Posted on 31 October 2017
Dr Robyn Inglis has led a new publication on the stratigraphy of the Haua Fteah, Libya, the foremost North African cultural sequence that covers the last glacial cycle.
The Haua Fteah Cave, in Cyrenaica, Libya, contains over 130,000 years of archaeological stratigraphy, from the Palaeolithic Pre-Aurignacian to the modern day, and is the cornerstone cultural sequence for North African archaeology. Its deposits offer the potential for unravelling insights into human-environment interactions, including during the major behavioural changes that accompanied the Middle-Later Stone Age transition 50,000 years BP, but, like all archaeological sequences, the artefact assemblages from each layer are shaped by the way deposits were laid down at the site.
The paper, published in Geoarchaeology and arising from Robyn’s AHRC-funded doctoral research linked to the ERC-funded TRANS-NAP project at the universities of Cambridge, Birkbeck, and Queen’s Belfast, combines sediment micromorphology with bulk sedimentology and field observations to provide a high-resolution examination of the stratigraphic sequence and the processes that formed it. In tracing the changing energies and sources of the sediments that contain the archaeological artefacts, she identified sporadic mass movements and high-energy reworking in the layers corresponding to the MSA/LSA transition. This study highlighted the importance of geoarchaeological analyses of cultural sequences to fully unravel the limitations and potential of the archaeological and paleoenvironmental records they contain.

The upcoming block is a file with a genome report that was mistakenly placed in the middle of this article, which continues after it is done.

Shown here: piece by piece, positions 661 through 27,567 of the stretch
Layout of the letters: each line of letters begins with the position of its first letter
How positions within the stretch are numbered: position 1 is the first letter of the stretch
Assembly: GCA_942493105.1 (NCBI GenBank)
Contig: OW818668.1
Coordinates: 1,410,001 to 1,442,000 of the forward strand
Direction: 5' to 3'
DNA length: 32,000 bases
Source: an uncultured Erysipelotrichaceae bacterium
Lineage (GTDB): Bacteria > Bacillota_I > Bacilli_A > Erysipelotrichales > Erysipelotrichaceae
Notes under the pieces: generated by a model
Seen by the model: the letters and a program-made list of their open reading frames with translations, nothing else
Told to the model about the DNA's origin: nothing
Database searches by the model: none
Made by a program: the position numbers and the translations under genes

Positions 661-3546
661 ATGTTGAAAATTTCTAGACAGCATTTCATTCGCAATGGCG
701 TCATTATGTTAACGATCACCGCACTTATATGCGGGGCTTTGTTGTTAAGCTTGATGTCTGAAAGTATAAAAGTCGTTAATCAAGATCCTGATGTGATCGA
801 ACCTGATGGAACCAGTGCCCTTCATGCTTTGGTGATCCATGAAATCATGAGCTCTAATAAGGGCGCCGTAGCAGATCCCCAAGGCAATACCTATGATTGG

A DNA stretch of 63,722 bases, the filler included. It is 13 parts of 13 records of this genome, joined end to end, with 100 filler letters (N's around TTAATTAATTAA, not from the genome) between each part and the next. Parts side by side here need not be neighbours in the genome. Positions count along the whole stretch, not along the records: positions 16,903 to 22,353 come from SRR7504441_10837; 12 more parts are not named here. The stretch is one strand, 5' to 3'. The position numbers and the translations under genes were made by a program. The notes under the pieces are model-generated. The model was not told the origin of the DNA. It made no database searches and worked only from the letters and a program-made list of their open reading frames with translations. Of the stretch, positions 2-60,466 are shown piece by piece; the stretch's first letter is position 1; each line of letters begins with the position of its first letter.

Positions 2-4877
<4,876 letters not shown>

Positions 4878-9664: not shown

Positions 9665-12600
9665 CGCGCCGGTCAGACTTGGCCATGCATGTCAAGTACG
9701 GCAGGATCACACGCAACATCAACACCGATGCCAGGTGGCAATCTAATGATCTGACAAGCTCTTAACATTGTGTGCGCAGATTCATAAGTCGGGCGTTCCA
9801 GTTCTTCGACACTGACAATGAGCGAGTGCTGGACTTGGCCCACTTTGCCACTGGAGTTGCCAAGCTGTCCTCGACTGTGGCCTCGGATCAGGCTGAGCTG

Inglis, R.H, French, C., Farr, L., Hunt, C.O., Jones, S.C., Reynolds, T. and Barker, G. (Online, Early View) Sediment micromorphology and site formation processes during the Middle to Later Stone Ages at the Haua Fteah Cave, Cyrenaica, Libya. Geoarchaeology, DOI: 10.1002/gea.21660